Do critics have a Problem with Tom Stoppard's new play?
''The Hard Problem'' opened at the Dorfman Theatre last night
…The Hard Problem is as slippery as a bar of soap with the water running; the play's not so much beyond one's grasp as never quite within it… I'm not sure that the acting is of a sufficiently subtle, idiosyncratic and lip-smacking quality to carry us through the narrative hoops and linguistic niceties of biology, philosophy, psychology and neuroscience pertaining to the story of a researcher… every line - Stoppard never writes a duff one - is a point of view, or a diagnosis, or a theory. The play spins cleverly, too, into Stoppard's first look at unconventional sexual politics… And now, if you'll excuse me, I'll go back to the text, which I've already read twice…
…I wish this production… was a high-point in both men's careers. But there's no getting round it: this is a major disappointment… whereas Arcadia settled in your soul, The Hard Problem barely gets skin-deep. At times I had to pinch myself that it was written by the great man himself; and at others moments I almost had to pinch myself to stay awake. Even though it's only 100 minutes long, at points it drags and even bores… almost all the characters, with the exception of Olivia Vinall's sparky, vital Hilary, are annoying, lacking in depth and detail… mainly I felt a stab of pity for Hytner, who directs with style and pace… With The Hard Problem, Hytner has got a footnote, not a magnum opus. Stoppard's formidable legacy is assured but it won't rest on this.
Tom Stoppard famously uses drama to explore problems, and in his absorbing new play he tackles some pretty momentous ones… Although there is almost too much to take in at a single 100-minute sitting, the competing arguments always have a strong emotional underpinning… Even if the play occasionally suffers from information overload, it is still a rich, ideas-packed work that offers a defence of goodness whatever its ultimate source. The play also works because we are made to care about Hilary, who is excellently played by Olivia Vinall. She brings out every facet of a woman who is altruistic, questing and vulnerable… Nicholas Hytner, in his final production as the National's head, directs with the stylistic clarity that has long been his trademark. Bob Crowley's design skilfully evokes the labyrinthine complexity of the human brain…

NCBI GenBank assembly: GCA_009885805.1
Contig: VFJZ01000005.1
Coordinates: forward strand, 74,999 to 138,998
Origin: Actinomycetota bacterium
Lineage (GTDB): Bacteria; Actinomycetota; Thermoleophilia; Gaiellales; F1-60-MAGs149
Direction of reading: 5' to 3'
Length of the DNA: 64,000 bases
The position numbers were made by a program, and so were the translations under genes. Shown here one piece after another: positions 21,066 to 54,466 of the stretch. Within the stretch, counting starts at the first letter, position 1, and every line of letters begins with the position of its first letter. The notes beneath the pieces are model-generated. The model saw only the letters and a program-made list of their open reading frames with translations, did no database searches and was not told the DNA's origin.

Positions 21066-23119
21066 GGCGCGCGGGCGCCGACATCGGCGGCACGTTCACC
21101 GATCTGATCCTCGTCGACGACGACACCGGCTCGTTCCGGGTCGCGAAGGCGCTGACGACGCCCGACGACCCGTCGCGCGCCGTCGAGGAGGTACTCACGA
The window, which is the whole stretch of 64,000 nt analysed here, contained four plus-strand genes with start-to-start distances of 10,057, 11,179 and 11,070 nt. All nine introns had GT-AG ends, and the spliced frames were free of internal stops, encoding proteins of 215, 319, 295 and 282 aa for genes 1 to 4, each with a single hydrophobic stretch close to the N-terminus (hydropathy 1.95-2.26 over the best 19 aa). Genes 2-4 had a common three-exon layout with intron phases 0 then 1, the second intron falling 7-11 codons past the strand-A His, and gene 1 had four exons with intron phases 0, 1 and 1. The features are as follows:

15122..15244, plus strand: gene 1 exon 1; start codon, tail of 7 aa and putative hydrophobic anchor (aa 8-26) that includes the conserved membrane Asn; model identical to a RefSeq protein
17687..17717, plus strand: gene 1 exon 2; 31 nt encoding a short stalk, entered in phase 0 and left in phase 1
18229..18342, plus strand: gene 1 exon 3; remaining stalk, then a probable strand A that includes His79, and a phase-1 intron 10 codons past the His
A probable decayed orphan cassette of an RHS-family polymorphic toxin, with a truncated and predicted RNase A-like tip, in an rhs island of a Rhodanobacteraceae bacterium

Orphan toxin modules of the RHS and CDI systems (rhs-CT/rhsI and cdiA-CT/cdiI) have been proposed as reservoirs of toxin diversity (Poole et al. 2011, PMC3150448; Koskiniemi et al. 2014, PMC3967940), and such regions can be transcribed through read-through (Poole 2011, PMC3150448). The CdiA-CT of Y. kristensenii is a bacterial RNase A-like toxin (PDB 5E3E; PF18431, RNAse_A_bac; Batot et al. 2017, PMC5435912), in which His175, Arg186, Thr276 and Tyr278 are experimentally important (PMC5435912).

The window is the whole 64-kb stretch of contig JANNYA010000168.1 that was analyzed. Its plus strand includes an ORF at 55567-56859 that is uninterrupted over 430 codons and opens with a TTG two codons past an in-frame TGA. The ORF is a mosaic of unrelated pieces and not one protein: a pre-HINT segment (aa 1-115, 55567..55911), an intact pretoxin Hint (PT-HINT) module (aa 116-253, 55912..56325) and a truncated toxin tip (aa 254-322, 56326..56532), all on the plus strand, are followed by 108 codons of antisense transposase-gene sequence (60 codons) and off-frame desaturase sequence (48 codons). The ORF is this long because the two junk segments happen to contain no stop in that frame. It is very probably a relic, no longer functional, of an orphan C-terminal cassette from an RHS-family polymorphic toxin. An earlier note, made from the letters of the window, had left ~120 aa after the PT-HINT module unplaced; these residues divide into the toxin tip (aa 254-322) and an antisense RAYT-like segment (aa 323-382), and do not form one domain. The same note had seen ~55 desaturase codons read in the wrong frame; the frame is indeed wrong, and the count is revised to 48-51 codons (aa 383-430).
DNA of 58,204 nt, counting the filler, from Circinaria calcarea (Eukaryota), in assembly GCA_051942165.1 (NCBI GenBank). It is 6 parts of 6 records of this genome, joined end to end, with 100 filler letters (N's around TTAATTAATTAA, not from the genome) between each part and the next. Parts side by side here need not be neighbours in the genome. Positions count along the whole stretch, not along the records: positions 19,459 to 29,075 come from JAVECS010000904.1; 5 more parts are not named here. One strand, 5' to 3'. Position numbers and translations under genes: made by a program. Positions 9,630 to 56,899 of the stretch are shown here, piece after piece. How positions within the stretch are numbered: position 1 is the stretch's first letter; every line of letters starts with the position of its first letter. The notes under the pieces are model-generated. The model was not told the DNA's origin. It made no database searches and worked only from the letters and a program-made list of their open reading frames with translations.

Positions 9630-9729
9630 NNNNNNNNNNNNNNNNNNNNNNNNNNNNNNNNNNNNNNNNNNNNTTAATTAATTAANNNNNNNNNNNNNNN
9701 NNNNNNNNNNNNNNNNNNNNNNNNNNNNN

Tom Stoppard's first play for nine years is typically witty - an intellectually charged piece that delights in the slippery nature of language and pulses with interesting ideas… Vinall has a radiant vitality, suggesting Hilary's appealing openness yet also her deep wounds… Elegantly interpreted by Nicholas Hytner, in his final production as artistic director of the National Theatre, the play feels delicate and precise… But the approach is restrained. That's no accident. Stoppard is portraying characters who prefer discussing life to living it. At times he seems to be poking fun at the competitive antics of academics, and there are some digs at tycoons who indulge in philanthropy while remaining remorselessly hard-bitten. Yet there's also smart stuff about the compromises we make in relationships and the dangers of being all head and no heart.
…I wish I could say that The Hard Problem rises triumphantly to this hotly anticipated occasion. In truth, though, it's a bit of a disappointment. Hytner directs an elegant, incisive account of a piece that buzzes with complex ideas, passionately and wittily expressed, but which never quite exerts a strong enough grip as drama… the emotional life of the play feels somewhat under-nourished… As always with Stoppard, there is much to ponder but, apart from Hilary all the very well-acted characters feel two-dimensional, and the play hasn't transmuted its research into an emotionally satisfying whole – as Lucy Prebble did with The Effect, her play about brain chemistry, love and depression in this same theatre.
The Hard Problem runs at NT Dorfman until 27 May 2015